I was getting my spaniel ready for the spring and summer tests.
She was developing very well, and then she suddenly hit an invisible wall.
She has decided not to pick the dummies up and when I handle her out to the fall area she stands over the dummy and just looks at me with a blank expression.
It’s as if she is not interested any more. What do you advise?
MARK WHITEHOUSE SAYS: Give the gun dog a rest from the drills and skills of dummy training (with canvas dummies) and do some work in other areas such as hunting or some advanced control work with the whistle commands.
To start the hunting exercise you need to sit your gun dog in front of you at 12 o’clock.
Take two steps back and roll a tennis ball across the grass with your left hand to around five metres towards nine o’clock, ensuring that your gun dog has seen the ball leave your hand, and then roll another ball with your right hand across to three o’clock for the same distance.
Encourage your spaniel to hunt for the first tennis ball and when she has found it, sit her in the 12 o’clock position, and then encourage her to find the second ball.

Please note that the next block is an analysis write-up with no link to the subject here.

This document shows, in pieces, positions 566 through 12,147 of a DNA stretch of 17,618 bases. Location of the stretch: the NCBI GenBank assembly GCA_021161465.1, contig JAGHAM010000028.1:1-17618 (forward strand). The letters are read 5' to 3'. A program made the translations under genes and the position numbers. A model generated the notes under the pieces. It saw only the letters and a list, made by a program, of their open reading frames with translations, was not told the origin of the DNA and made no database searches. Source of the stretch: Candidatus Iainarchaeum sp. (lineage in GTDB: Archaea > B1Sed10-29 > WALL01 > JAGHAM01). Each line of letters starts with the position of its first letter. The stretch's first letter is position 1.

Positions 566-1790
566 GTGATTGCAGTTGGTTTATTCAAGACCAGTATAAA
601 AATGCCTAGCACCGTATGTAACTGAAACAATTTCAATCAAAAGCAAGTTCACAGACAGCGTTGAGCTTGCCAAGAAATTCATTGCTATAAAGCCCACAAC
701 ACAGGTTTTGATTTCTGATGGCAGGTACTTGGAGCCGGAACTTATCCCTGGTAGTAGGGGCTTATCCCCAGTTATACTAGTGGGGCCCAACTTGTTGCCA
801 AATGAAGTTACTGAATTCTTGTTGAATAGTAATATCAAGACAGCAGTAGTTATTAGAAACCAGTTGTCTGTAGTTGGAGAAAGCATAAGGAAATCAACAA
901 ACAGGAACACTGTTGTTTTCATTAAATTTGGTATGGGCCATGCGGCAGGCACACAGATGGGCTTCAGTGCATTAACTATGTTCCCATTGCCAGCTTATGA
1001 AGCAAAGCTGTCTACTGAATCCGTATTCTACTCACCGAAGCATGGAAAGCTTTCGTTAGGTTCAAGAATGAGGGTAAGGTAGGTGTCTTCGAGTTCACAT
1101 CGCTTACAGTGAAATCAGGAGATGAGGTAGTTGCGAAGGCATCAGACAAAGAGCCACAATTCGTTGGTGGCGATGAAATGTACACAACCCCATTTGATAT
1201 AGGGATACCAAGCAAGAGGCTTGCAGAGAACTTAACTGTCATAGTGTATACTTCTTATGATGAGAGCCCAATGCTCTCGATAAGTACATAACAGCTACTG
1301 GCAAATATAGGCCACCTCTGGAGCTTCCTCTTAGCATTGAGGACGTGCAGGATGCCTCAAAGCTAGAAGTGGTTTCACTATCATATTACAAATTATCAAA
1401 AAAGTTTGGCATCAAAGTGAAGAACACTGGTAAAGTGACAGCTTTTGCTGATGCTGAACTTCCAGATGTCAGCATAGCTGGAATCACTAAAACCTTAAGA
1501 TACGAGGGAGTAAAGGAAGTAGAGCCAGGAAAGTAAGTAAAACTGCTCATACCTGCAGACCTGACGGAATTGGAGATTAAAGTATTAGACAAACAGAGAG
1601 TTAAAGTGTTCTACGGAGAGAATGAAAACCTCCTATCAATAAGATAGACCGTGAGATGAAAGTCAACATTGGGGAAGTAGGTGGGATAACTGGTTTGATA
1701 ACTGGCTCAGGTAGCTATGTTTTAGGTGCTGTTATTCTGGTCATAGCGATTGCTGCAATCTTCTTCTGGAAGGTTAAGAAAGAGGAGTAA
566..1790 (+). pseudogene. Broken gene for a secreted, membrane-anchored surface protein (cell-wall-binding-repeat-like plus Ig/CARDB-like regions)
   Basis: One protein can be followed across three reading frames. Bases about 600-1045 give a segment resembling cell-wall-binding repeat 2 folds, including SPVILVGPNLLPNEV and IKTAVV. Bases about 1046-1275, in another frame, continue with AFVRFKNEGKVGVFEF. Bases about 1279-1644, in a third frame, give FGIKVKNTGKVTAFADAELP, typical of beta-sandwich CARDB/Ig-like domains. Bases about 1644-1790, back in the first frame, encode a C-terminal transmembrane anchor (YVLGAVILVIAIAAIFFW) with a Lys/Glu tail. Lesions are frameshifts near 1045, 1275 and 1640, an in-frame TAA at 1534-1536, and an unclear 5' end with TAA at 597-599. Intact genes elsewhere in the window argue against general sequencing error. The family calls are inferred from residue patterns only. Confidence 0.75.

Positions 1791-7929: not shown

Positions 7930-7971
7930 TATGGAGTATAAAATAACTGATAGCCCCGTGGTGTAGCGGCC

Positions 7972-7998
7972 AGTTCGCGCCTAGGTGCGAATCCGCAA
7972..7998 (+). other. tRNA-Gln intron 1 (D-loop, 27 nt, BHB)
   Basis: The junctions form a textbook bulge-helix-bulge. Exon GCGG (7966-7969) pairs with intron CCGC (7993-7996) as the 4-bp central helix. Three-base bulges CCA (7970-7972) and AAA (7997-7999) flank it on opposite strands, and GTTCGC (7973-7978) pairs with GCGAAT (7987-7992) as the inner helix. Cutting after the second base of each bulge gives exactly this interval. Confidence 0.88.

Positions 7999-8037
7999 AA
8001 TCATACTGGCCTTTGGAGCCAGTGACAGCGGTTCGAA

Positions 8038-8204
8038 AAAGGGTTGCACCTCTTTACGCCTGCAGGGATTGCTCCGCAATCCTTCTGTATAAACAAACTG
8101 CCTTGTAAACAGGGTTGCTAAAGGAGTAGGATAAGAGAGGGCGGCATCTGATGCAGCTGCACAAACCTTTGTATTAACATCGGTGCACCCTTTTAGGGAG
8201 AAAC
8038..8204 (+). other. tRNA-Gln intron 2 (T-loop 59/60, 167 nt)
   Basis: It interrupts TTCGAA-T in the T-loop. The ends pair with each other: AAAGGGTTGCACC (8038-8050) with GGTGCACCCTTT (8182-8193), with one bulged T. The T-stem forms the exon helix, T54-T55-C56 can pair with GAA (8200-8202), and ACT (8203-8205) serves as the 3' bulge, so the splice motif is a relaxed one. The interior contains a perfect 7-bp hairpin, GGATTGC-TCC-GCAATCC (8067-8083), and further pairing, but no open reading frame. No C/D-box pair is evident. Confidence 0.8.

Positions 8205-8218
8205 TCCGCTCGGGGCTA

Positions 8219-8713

It is repetitive, but this exercise helps teach your gun dog to quarter the ground from side to side and stop pulling forward, which most spaniels tend to do.
To build up your gun dog’s patience, start with heelwork.
Walk your gun dog at heel and then apply the stop whistle.
Check and make sure that your gun dog is in the sitting position and then you carry on walking.
This distance should be increased over a period of exercises, starting with 10 metres and building it up to 50 metres and as your distance increases always check back to make sure your gun dog has not moved.
On your return back to your gun dog don’t forget to give lots of praise so that she knows she is doing well.
This will make her feel good in all aspects of her training, which is just what you want.